Water as Big Business

When the so-called “great men” of Chicago were planning the 1893 World’s Fair, lead architect Daniel Burnham was worried about water. Tens of millions of visitors were expected and Chicago had notoriously poor drinking water. So Burnham decided that they would lay pipes from a small town in Wisconsin with a natural spring, and pipe the water into the “White City” at the fairgrounds on Chicago’s south shore. According to Erik Larson’s account of the World’s Fair, “Devil in the White City”, when the engineers showed up to start laying the pipe, the Wisconsin townspeople ran them off with pitch forks. The engineers found another town with a less active population and the visitors to the fair had their drinking water.

115 years later and Beijing is essentially doing the same thing for the Olympics, but this time the villagers aren’t coming after the engineers with pitchforks, they are talking to the media. Farmers may not have water to grow crops, but visitors for the Olympics will have tap water even though city reservoirs are at 1/3 the levels they were 10 years ago because of drought and population growth. Conservation be damned, the visitors shouldn’t have to worry about all that!

Beyond civic pride, water has become big business. Somehow a necessity of life has become a commodity. Not only one that people will pay a premium to buy in the west rather than drink for free from the tap, but also one that can be controlled for profit in the developing world. Corporations are jumping on the opportunity. According to a CBC series on the privatization of water, “In the past ten years, three giant global corporations have quietly assumed control over the water supplied to almost 300 million people in every continent of the world,” French companies Vivendi and Suez and German owned Thames Water of England. According to one of the reports in the CBC series, Peter Spillett, a senior executive with Thames Water, calls water the petroleum of the 21st century. Maude Barlow and Tony Clarke have a comprehensive piece about this that they wrote in 2002 which has been republished on Celsias.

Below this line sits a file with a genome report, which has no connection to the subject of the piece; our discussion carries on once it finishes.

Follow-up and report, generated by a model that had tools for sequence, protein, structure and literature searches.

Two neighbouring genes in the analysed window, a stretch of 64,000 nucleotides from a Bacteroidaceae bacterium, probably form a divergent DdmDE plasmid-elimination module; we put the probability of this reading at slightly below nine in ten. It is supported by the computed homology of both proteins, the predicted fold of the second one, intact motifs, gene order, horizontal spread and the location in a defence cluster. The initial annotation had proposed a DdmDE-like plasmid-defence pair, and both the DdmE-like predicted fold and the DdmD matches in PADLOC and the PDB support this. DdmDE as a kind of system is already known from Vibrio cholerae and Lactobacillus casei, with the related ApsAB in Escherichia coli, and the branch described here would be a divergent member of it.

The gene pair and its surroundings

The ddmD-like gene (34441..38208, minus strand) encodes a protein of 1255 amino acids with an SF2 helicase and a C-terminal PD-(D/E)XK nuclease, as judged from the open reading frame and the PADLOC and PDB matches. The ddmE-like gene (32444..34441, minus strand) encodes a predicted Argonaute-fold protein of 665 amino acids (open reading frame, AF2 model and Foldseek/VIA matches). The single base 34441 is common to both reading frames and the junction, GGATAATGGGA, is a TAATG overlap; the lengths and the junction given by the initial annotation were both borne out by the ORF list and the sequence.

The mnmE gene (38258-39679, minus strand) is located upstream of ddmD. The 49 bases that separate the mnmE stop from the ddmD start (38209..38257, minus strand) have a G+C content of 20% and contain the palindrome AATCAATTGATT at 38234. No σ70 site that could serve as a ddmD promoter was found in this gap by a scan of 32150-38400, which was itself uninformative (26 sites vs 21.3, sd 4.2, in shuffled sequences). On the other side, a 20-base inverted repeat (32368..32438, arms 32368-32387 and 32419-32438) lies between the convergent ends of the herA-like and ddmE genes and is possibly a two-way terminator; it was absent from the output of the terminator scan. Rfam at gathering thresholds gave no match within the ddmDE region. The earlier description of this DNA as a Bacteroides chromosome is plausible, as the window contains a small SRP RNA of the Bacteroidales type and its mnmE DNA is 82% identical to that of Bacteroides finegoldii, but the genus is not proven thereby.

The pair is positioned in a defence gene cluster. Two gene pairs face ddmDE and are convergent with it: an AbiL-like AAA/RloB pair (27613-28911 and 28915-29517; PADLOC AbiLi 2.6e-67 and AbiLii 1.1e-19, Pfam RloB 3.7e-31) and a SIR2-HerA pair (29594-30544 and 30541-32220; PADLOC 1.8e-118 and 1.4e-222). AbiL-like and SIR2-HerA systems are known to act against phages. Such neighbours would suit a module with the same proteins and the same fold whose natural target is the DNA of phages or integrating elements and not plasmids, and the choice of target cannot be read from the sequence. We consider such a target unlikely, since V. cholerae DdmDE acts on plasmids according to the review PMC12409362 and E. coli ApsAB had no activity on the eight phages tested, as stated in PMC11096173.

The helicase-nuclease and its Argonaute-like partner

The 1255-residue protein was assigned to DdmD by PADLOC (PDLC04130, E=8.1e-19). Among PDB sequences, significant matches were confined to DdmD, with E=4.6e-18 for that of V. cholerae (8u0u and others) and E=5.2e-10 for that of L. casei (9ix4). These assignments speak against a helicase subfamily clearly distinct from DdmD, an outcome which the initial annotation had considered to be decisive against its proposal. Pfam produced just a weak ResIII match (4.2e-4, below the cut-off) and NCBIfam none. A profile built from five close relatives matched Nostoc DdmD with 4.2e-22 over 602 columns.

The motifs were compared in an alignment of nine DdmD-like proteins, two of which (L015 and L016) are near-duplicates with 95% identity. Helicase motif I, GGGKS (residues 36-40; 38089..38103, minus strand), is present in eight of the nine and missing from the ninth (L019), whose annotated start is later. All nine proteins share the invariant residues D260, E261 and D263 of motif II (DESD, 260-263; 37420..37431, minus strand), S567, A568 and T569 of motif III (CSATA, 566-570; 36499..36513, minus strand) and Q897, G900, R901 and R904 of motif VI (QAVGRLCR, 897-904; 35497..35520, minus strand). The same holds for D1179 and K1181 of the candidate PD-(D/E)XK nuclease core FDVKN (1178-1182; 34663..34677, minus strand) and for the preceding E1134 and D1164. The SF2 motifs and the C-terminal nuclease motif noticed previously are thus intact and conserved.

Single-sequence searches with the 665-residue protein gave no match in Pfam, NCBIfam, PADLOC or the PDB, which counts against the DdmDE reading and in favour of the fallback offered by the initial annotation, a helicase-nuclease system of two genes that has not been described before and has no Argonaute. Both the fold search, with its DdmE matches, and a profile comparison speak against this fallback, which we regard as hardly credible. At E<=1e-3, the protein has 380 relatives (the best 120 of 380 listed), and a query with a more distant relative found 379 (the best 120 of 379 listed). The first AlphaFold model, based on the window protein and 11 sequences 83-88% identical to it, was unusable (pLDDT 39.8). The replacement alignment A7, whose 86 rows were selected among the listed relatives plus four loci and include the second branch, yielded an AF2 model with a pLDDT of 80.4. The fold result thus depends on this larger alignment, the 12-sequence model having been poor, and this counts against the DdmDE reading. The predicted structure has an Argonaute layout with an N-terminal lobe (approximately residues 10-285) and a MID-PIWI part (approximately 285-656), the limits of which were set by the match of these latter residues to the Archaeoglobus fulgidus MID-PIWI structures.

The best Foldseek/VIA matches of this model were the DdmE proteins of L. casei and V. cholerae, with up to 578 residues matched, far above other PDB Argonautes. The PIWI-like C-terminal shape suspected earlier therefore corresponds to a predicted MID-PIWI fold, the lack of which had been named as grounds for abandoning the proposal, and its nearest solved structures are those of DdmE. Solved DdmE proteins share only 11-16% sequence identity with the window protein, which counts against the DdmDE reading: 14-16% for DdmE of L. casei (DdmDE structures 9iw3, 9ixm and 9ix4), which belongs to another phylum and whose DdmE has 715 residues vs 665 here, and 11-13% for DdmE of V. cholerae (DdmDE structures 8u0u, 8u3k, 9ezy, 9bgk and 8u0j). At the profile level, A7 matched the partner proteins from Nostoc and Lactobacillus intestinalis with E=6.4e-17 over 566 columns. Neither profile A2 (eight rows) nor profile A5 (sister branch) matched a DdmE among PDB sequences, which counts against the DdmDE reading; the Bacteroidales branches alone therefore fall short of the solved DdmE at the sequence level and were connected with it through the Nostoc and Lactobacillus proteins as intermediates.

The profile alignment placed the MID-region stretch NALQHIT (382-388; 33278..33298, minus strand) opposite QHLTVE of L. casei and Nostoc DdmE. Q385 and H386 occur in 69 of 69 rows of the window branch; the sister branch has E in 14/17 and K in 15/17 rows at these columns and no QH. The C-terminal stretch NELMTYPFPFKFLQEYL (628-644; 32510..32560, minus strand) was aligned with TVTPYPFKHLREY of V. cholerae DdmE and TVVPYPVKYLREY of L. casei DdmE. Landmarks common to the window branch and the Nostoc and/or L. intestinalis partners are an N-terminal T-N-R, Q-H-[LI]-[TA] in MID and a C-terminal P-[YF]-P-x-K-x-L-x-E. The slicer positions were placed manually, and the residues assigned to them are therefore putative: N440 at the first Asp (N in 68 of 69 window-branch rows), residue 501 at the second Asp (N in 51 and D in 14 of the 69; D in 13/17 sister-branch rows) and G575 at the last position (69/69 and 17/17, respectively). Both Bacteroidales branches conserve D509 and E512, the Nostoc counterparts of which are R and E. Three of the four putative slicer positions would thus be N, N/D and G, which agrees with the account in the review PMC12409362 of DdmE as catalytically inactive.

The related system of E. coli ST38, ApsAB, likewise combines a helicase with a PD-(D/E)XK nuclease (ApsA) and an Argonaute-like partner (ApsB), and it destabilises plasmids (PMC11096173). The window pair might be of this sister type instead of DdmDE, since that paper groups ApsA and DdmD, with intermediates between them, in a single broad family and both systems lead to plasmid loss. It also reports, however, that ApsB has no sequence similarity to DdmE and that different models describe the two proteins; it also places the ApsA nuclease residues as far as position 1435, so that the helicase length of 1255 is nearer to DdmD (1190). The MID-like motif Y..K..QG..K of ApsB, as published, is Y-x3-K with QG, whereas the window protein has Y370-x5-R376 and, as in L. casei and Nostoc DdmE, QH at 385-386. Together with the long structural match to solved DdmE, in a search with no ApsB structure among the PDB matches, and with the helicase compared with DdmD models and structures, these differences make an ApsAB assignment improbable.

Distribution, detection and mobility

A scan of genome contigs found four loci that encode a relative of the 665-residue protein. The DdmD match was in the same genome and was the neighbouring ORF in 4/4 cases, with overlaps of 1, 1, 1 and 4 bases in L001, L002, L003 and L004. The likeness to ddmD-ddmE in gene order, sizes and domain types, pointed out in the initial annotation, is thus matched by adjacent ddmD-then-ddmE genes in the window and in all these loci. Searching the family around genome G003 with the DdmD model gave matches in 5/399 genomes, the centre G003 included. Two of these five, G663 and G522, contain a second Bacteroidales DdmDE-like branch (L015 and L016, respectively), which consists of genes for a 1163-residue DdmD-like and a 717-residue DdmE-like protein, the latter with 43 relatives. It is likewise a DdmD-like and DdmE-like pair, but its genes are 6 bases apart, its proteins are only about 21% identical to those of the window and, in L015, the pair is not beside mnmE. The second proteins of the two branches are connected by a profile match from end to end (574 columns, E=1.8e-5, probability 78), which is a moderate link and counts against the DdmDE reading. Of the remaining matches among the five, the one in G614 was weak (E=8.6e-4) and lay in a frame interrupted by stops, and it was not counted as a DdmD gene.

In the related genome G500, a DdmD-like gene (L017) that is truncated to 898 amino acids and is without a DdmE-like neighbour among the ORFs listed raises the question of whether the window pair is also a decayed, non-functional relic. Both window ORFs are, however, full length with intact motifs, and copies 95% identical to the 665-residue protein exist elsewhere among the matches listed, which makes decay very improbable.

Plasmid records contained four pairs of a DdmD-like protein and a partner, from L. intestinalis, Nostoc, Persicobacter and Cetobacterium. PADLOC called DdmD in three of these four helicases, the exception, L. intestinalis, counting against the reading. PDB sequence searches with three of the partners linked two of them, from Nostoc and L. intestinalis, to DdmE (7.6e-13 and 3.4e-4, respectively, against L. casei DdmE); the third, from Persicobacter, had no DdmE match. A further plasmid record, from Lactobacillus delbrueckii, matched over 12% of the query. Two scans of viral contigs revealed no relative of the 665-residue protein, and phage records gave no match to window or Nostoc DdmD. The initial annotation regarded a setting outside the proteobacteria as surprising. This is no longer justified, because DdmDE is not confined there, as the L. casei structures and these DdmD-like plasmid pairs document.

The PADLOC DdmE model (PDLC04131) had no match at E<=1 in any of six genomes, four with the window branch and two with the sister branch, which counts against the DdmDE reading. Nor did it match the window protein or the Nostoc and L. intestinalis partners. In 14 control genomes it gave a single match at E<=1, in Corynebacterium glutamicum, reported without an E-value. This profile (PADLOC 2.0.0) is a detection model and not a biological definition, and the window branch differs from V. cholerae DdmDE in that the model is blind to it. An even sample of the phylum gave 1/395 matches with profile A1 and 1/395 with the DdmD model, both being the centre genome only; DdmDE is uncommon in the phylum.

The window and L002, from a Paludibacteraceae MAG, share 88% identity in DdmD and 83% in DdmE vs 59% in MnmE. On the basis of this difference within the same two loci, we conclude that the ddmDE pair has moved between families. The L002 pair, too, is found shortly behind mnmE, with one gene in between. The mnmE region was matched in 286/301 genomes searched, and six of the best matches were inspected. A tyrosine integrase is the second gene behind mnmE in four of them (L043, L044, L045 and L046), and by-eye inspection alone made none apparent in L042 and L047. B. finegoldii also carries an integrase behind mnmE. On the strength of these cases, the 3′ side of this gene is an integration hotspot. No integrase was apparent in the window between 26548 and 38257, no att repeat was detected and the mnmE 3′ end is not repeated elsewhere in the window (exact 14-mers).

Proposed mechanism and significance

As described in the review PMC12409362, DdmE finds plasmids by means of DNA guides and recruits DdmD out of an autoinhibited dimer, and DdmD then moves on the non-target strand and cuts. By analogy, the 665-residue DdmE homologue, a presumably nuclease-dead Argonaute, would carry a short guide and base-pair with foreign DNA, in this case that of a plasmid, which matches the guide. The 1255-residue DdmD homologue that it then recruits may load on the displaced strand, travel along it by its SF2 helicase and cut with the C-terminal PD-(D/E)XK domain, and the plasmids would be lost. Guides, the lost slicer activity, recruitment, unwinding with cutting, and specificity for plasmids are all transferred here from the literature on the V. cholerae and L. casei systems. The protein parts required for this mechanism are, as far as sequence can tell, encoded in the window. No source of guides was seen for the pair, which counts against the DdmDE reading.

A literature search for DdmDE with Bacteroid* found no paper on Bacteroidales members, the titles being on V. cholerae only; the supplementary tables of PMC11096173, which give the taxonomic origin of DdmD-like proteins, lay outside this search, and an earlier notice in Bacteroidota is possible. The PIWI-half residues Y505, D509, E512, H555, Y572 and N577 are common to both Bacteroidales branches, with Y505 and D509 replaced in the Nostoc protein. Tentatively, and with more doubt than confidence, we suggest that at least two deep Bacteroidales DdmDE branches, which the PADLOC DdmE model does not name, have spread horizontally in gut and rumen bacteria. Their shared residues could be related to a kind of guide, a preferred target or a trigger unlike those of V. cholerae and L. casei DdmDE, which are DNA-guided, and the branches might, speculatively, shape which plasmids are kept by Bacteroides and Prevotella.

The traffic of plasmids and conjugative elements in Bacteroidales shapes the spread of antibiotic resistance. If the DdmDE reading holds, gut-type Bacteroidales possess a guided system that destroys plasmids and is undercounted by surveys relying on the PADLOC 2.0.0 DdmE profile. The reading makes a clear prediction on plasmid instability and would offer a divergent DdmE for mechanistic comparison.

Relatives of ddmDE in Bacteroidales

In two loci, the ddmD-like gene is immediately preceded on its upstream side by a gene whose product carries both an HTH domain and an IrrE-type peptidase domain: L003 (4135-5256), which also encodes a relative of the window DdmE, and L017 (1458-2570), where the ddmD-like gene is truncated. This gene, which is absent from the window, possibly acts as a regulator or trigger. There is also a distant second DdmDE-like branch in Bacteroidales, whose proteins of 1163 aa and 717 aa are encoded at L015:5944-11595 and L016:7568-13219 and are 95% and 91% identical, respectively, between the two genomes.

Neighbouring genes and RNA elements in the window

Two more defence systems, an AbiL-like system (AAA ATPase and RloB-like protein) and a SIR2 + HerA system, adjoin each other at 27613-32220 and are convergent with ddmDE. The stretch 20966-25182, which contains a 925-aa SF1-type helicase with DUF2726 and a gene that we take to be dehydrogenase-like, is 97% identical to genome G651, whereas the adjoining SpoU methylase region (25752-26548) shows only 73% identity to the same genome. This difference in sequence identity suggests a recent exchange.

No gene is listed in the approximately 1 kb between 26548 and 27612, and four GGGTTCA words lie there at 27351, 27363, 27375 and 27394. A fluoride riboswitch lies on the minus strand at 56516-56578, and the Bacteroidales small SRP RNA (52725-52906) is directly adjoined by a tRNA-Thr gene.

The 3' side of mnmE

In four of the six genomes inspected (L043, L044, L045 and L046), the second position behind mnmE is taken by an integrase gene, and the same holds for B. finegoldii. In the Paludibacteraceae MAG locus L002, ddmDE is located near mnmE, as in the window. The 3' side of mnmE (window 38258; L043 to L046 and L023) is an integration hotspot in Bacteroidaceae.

The private corporate water grab is primarily happening in Asia, Latin America and Africa, three parts of the world that can ill afford to commoditize water in this way. The big three intend to expand to China and North America next as they see huge profit potentials. But not everybody is willing to just accept it.

In Bolivia, activists successfully fought off the privatization of the water supply in the town of Cochabamba, where Bechtel Corporation temporarily took over the water supply, increasing water prices by 300% to 1/5th of per capita income under a federal law that even made it so that villagers needed to get permits to collect rainwater!

Cochabamba lies in a semidesert region of Bolivia, making water a scarce and precious resource. However, in 1999 the World Bank recommended privatization of Cochabamba's municipal water supply company... "Bank officials directly threatened to withhold $600 million in international debt relief if Bolivia didn't privatize Cochabamba's public water system." -- Water Privatization Conflicts